The most useful customization options we found on the were the temperature and spin speed setting, which could be used to manually create the specialty cycles this machine lacks. For example, bleach is most effective when used with hot water. If you wanted to wash a load of ultra stylish white denim pants, you could add bleach and increase the temperature on the heavy duty cycle to get them spotless. Spin speed settings help you mitigate any damage to that favorite Wham! concert tour t-shirt.
Additional Wash Options
Extra wash options include, stain clean, extended spin, and freshwater rinse. We've never seen a washer with a salt water rinse.
The has a drawer in which you place the detergent. A standard arrangement, there are separate compartments for bleach, detergent, and fabric softener. All compartments are clearly labeled so there shouldn't be any confusion.
The handle to the 's door is conveniently placed in the upper right hand quadrant of the door. Placing it here allows you to open the door without having to bend down. One small tick we did have with the was opening the door did not stop the chime. The chime, like the postman, always rang twice.
Ease of Use
The only time that we were confused during our time with the was when we were unpacking it. Setting the desired cycle and running the machine was a breeze. However, we found this machine to be a little on the noisy side. It bucked a few times during its spin cycles, but it wasn't too disruptive.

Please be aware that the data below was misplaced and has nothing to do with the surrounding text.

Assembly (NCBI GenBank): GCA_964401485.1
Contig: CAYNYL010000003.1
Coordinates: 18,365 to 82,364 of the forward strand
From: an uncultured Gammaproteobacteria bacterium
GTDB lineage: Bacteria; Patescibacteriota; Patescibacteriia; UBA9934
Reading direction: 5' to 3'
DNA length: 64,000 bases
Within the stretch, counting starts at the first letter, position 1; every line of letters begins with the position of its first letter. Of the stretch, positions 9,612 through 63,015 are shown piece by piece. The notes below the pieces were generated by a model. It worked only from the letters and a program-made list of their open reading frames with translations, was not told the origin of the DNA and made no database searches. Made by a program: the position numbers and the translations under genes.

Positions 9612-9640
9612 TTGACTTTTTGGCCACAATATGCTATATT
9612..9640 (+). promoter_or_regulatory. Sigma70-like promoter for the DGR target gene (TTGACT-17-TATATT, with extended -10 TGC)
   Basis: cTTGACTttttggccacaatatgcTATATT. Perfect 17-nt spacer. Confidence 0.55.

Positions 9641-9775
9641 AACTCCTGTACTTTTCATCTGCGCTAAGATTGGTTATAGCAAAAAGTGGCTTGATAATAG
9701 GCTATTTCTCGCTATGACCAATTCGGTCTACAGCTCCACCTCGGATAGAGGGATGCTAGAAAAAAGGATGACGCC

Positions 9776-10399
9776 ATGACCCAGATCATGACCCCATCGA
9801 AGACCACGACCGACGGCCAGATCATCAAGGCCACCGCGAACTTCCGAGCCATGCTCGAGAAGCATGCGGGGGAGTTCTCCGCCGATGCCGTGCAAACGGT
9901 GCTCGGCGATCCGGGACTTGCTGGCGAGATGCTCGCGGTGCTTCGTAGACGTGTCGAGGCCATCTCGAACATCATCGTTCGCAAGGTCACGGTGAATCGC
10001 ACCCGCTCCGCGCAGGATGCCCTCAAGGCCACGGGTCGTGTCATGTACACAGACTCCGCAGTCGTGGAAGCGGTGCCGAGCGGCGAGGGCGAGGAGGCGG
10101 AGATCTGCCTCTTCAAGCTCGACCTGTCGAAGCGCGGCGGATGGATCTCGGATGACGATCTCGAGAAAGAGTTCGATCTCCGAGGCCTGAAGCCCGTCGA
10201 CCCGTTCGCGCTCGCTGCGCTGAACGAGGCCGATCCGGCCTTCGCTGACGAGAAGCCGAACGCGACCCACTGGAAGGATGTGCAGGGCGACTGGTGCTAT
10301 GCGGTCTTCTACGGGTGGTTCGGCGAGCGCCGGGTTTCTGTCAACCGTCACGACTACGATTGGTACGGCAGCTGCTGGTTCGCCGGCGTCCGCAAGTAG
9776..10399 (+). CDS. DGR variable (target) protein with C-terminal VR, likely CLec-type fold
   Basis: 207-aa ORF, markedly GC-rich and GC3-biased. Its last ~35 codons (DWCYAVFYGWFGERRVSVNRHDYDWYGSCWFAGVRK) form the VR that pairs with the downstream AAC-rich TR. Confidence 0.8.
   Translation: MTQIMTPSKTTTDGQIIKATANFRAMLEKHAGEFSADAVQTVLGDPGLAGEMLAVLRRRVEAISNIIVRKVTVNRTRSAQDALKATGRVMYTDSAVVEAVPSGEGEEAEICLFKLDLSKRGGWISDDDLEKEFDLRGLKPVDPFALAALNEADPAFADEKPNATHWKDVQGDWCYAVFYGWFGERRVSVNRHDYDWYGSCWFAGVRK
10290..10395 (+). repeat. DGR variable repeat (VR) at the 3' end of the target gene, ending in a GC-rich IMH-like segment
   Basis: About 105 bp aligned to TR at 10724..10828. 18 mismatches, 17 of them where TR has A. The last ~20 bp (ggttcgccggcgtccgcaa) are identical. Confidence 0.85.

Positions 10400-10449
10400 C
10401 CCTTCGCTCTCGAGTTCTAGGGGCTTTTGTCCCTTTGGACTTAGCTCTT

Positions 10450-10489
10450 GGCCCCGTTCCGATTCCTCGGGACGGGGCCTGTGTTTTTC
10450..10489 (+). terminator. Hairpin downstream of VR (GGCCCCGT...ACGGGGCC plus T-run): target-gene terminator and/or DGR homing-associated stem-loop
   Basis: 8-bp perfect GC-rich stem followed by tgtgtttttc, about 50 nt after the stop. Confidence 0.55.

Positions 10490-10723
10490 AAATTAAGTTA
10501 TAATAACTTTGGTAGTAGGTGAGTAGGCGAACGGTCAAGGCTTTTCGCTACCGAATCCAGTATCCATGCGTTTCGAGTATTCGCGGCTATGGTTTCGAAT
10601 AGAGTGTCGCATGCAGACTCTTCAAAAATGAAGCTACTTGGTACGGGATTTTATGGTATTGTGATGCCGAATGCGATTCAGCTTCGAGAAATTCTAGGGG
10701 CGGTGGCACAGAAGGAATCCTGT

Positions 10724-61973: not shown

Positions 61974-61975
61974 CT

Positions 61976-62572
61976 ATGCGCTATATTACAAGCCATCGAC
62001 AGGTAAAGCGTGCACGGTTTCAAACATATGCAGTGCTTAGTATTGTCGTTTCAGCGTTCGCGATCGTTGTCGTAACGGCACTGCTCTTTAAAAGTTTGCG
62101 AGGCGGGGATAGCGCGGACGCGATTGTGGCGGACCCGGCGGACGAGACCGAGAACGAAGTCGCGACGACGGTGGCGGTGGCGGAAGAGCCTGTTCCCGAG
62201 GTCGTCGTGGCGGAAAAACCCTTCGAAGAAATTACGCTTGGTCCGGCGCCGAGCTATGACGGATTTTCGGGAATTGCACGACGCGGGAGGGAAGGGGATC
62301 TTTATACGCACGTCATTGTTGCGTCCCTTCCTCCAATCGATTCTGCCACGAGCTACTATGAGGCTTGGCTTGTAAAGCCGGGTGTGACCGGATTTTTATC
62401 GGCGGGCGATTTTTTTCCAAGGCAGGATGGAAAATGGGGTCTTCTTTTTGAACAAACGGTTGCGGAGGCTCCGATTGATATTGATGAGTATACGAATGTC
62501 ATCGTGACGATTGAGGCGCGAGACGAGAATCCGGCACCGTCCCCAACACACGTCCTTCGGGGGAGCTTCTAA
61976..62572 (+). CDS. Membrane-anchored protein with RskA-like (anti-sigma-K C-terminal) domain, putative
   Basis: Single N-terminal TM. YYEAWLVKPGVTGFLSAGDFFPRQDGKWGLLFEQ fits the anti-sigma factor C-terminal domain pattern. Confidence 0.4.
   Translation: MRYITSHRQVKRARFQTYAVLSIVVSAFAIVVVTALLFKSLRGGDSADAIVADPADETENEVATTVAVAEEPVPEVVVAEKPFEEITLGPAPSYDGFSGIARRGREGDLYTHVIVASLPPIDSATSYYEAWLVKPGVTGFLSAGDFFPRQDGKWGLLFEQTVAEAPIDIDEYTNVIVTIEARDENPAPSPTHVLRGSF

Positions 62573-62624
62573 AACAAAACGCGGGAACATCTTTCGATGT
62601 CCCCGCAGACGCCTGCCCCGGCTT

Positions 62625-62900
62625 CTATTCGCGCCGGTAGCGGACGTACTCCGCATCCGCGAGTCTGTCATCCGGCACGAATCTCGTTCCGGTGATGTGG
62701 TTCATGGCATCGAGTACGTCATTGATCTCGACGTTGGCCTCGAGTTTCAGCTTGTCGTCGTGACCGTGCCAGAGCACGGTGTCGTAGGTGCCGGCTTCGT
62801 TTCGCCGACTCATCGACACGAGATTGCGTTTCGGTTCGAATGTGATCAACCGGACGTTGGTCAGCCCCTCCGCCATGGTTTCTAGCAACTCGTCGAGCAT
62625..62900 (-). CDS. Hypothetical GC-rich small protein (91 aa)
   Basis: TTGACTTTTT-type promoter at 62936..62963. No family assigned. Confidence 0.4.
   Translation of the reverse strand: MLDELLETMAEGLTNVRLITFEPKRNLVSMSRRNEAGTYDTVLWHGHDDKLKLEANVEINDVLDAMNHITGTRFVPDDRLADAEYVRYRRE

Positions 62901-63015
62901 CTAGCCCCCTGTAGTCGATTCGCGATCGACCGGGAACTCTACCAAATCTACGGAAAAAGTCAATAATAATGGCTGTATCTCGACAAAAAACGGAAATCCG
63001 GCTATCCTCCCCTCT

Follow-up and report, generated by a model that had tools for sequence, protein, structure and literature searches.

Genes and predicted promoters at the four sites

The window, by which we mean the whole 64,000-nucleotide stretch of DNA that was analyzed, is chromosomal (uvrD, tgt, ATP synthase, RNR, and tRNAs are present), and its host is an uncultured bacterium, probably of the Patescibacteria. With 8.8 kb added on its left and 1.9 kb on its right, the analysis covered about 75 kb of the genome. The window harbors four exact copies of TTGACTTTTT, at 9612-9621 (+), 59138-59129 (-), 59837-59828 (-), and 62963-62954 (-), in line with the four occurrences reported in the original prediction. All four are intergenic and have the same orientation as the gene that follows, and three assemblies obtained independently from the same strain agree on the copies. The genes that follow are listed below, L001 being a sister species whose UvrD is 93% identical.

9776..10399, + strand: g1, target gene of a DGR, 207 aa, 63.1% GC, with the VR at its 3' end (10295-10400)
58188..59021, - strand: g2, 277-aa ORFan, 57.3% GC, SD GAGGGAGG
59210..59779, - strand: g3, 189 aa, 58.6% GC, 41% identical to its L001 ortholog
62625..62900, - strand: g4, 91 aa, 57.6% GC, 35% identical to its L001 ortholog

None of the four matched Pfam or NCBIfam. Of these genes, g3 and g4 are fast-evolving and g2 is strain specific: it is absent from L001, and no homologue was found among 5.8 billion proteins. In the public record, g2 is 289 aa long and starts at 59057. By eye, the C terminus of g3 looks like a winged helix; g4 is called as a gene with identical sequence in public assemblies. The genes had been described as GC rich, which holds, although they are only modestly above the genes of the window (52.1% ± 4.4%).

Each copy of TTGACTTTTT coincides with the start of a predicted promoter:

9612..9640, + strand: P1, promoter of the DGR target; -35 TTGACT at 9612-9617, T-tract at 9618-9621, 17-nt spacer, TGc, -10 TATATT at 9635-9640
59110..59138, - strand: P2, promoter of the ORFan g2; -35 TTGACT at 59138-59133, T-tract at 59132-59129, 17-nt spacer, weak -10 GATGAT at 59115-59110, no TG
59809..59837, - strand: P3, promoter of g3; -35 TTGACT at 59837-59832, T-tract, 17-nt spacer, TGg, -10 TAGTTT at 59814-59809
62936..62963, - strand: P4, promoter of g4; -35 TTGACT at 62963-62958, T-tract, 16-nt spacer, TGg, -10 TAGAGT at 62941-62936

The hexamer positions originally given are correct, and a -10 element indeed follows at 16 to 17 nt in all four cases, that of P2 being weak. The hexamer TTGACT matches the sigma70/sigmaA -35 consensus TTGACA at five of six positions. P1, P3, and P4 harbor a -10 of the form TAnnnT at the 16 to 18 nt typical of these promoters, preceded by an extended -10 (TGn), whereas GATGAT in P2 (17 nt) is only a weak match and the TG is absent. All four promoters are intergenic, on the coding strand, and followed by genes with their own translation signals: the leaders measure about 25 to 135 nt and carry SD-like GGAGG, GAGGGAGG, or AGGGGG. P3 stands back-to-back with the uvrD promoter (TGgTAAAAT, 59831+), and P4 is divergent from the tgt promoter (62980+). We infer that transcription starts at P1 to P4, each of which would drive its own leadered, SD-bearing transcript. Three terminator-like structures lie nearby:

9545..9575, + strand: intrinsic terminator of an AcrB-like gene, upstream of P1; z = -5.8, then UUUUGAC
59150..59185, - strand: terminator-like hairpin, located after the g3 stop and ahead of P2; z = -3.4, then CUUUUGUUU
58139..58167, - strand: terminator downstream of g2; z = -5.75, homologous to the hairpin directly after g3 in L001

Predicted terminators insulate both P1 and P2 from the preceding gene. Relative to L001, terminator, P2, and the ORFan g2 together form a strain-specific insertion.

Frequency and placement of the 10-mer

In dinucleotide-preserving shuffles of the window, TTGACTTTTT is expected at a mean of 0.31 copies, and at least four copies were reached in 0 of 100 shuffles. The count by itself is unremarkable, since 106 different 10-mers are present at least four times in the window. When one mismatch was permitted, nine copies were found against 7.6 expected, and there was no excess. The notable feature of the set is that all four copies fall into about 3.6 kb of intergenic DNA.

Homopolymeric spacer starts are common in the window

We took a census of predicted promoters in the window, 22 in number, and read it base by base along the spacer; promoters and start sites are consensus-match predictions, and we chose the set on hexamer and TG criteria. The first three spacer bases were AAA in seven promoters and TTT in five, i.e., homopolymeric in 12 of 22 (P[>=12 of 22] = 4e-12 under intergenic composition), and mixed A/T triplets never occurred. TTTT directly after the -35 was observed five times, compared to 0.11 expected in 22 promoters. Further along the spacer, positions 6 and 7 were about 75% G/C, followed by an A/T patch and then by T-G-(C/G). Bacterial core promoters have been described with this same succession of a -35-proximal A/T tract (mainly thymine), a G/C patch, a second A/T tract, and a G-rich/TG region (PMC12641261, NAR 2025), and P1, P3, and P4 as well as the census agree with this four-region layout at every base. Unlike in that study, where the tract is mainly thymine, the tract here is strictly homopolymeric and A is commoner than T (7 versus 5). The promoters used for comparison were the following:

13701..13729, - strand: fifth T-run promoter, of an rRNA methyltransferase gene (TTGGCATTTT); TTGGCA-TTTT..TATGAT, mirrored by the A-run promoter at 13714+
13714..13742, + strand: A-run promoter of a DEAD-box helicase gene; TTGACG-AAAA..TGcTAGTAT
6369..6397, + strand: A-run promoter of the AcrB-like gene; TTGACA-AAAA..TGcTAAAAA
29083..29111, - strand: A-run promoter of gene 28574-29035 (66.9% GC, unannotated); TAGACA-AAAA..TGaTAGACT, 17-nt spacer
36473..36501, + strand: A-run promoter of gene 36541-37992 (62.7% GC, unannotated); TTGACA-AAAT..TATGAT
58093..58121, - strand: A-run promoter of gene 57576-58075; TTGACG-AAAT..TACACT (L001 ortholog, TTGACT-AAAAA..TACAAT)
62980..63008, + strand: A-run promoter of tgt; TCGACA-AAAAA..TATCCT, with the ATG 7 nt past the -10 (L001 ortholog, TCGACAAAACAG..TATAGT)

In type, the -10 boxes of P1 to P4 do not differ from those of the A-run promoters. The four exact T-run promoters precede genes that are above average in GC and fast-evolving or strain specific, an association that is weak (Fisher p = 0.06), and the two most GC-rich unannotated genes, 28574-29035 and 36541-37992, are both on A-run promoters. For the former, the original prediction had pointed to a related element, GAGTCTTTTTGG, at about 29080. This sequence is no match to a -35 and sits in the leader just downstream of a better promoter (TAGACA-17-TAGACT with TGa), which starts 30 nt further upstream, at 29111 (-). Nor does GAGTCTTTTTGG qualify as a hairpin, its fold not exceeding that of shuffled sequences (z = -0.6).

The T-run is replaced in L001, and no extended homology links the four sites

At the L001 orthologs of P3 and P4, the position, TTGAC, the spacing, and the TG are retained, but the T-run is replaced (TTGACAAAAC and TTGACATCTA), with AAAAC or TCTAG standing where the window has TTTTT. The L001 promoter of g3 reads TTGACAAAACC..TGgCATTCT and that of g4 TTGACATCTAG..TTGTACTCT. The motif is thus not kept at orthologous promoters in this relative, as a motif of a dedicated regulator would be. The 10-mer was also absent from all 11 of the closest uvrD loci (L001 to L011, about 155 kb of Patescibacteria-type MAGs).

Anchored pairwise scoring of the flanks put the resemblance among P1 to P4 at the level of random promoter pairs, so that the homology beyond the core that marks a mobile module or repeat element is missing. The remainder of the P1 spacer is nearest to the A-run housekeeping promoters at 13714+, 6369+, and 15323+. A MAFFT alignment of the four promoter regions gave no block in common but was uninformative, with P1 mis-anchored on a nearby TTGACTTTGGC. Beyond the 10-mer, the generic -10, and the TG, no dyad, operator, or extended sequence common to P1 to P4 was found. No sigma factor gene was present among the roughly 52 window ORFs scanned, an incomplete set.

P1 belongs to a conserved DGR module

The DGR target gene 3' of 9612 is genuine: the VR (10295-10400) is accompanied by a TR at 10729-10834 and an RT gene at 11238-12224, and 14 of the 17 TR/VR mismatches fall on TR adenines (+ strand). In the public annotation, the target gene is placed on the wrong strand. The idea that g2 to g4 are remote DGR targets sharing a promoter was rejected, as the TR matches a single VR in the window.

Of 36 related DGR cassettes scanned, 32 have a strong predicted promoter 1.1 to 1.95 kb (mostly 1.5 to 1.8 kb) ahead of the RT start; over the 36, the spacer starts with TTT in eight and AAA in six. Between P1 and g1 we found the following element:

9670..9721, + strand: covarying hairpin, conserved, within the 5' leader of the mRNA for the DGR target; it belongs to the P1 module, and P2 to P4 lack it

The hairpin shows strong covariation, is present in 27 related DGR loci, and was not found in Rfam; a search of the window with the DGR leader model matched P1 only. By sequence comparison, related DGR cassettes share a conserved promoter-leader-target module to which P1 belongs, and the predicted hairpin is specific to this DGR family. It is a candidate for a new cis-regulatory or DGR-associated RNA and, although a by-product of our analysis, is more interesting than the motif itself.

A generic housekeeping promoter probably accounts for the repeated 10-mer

The 's controls consist of a knob that you turn and buttons that you push. It's all very simplistic. There isn't even a power button. Instead, turning the knob activates the machine. Inactivity, or turning the knob all the way to the left deactivates the . Option selection is done by pressing the corresponding button to shift through the list one-by-one. Initially, you may waste a few seconds looping through the options.
Analysis of our test results show that the is a very efficient machine. Using national averages, we calculated this washer's annual operating cost at just $28.58. The Frigidaire is also a team player. On the Normal cycle, our test loads only retained 47 percent of their weight in water, meaning that your dryer will have to expend less energy to get your clothes to wearable state.
No one can deny that the main point of a washing machine is to get items clean. In this respect, the lagged behind its more expensive counterparts. Yes, it had a very strong showing when the temperature and soil level was increased on the Normal cycle to deal with whites and cottons. However, the Delicates cycle did very little to our stain strips. Overall, the 's washing performance was on par with its price.
The has few features and no specialty cycles. There are enough temperature, soil and spin speed choices to create a custom wash, but the unadulterated wash cycles should suffice for most users.
Meet the tester
Senior Manager of Lab Operations@Jonfromthelab1
Jonathan Chan currently serves as the Lab Manager at Reviewed. If you clean with it, it's likely that Jon oversees its testing. Since joining the Reviewed in 2012, Jon has helped launch the company's efforts in reviewing laptops, vacuums, and outdoor gear. He thinks he's a pretty big deal. In the pursuit of data, he's plunged his hands into freezing cold water, consented to be literally dragged through the mud, and watched paint dry. Jon demands you have a nice day.